11-2. Installing jBPM
You want to build a jBPM solution and need to know the simplest way to get the jars. There are many
supported workflows for jBPM, so it isn't clear where to begin for what role. For a business analyst, the
path is different than for a programmer, whose task it will be to employ jBPM, not deploy it. You will
need a few libraries first.
You can use jBPM as an API, rather than as a server or service. This integration is the most natural
to a developer, but not, for example, to a business user. We'll use Maven to get the dependencies.
While we'll focus on embedding jBPM in this chapter, it's useful to see the other ways you can
integrate jBPM into your architecture.
A developer may embed jBPM as services and Hibernate entities.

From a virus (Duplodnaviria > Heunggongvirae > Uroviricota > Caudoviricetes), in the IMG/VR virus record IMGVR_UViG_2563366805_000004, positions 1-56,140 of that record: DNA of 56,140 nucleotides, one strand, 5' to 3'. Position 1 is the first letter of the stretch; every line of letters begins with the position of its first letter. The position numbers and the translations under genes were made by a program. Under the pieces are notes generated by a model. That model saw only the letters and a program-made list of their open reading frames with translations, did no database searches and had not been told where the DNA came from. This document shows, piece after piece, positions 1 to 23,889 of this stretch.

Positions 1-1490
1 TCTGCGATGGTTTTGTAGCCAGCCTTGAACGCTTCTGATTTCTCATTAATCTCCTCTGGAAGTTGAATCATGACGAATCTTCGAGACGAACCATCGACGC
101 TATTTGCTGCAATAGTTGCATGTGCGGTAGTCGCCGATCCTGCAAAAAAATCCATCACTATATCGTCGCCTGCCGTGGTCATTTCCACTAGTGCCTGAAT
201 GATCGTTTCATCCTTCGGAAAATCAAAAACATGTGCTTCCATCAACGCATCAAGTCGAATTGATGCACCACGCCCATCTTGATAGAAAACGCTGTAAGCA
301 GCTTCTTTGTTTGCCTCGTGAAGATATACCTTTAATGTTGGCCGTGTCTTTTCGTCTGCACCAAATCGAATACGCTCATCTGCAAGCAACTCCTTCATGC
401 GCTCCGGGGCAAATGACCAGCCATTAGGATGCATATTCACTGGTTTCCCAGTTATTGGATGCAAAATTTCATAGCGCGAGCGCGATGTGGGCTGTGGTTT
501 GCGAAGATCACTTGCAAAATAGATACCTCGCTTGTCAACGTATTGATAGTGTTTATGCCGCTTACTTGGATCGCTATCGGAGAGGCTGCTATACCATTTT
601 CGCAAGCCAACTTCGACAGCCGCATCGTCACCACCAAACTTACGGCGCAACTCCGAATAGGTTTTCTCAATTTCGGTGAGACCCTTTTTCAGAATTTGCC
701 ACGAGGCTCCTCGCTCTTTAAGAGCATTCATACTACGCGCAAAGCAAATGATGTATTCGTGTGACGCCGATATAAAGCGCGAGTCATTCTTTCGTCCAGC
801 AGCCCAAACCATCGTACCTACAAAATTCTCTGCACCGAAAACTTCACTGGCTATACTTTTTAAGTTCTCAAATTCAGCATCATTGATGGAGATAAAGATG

A developer may deploy jBPM into a stand-alone server, and then use the
administration console to deploy and test processes.
jBPM 4.1 ships with a web application in which a user can diagram and test
For this example, we're using a few libraries for AOP, transactions, the core Spring context, and, of
course, jBPM itself.
If you're looking to find out more, read the documentation, and get the downloadable binaries for
exploration, check out http://jboss.org/jbossjbpm/ . Th ere, you can find a lot of useful information.
Because we're looking to embed it, we'll simply get the libraries and use them in our own solution.
If you're using Maven, the pom.xml file will contain the latest version of the following dependency entries.
You may of course customize this as you see fit, but it's a good start. These are relatively current, and
known-to-be-working, versions of the jars required to get started, as of the time of this writing.
<!-- JBPM -->
<!-- JSR 250 annotations -->